Question: What is the most common problem I see in scripts?
Answer: A narrative that lists to the left or right (or outright sinks the boat).
My most consistent comment/complaint/prayer/begging in coverage is: You Don't Push Me Forward. You MUST push me forward.
But what does that mean in practical terms?
It means that every line ADVANCES the story.
The tendency is to bask in the moment, especially in the reaction shots. Every line - YES, EVERY LINE - should leave us wondering, rooting, curious, aghast, horrified at what is coming next.
ex. Heroine steps on the gas to make the red light, and just swerves to miss a traffic cop. She weakly smiles and waves apologetically.
Let's focus on the weak reaction shot. It shows that the character feels guilty. Fine, but it's a dead end narrative b/c it does nothing to keep us reading.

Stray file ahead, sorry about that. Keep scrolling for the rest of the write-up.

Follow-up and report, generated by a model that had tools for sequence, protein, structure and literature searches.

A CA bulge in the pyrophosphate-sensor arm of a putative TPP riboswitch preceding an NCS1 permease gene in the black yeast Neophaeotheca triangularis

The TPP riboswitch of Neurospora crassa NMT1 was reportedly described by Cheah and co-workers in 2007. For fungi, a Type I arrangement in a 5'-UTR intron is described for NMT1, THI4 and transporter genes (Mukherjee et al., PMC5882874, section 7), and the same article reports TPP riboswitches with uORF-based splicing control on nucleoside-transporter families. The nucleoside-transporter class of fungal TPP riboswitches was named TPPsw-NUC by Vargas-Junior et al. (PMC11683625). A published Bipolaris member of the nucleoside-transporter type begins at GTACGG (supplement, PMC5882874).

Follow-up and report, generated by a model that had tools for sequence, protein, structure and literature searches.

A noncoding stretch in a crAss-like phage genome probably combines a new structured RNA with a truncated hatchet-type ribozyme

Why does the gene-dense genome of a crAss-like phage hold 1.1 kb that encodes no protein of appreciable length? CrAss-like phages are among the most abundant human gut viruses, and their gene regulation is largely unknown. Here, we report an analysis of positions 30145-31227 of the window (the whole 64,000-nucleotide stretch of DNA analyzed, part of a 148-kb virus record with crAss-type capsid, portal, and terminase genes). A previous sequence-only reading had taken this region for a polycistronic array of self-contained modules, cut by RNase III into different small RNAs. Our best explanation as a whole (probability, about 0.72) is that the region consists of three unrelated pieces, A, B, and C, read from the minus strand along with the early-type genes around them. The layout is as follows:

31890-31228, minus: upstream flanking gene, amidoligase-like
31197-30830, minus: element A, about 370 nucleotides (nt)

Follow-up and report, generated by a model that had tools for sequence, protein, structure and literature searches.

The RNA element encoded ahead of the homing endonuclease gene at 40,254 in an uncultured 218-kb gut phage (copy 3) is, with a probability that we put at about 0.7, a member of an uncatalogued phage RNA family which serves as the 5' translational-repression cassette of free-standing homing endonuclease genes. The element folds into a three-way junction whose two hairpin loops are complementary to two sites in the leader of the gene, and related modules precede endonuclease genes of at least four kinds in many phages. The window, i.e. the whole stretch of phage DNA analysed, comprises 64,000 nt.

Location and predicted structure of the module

[This is the perfect time for me to take a snack break. Hint: Don't give me an excuse to eat Cheetos. Once my face is covered in cheese dust, there's no reason to return to your script.]
Here are some better alternatives:
ex. She taunts him with a "f- you" smile, and speeds up, despite the flashing red lights. [Horrific! What cop would stand for that disrespect? Must read on...]
ex. Heavy with guilt, she shouts, "I'm sorry! I'm so sorry! I'm --" Suddenly, she collapses at the wheel. [Holy cow! Is this woman epileptic? Must read on...]
ex. When the cop pulls her over, she's "penitent" - and palms him a get-out-of-jail-free card. [Bribery! Good conflict.]
WHAT I'VE LEARNED: These are called "moving pictures" because something must be moving on the screen.
And yes, there is an hierarchy of snacks. If I'm deep into my second pint of mint chocolate chip, then you've lost me for good.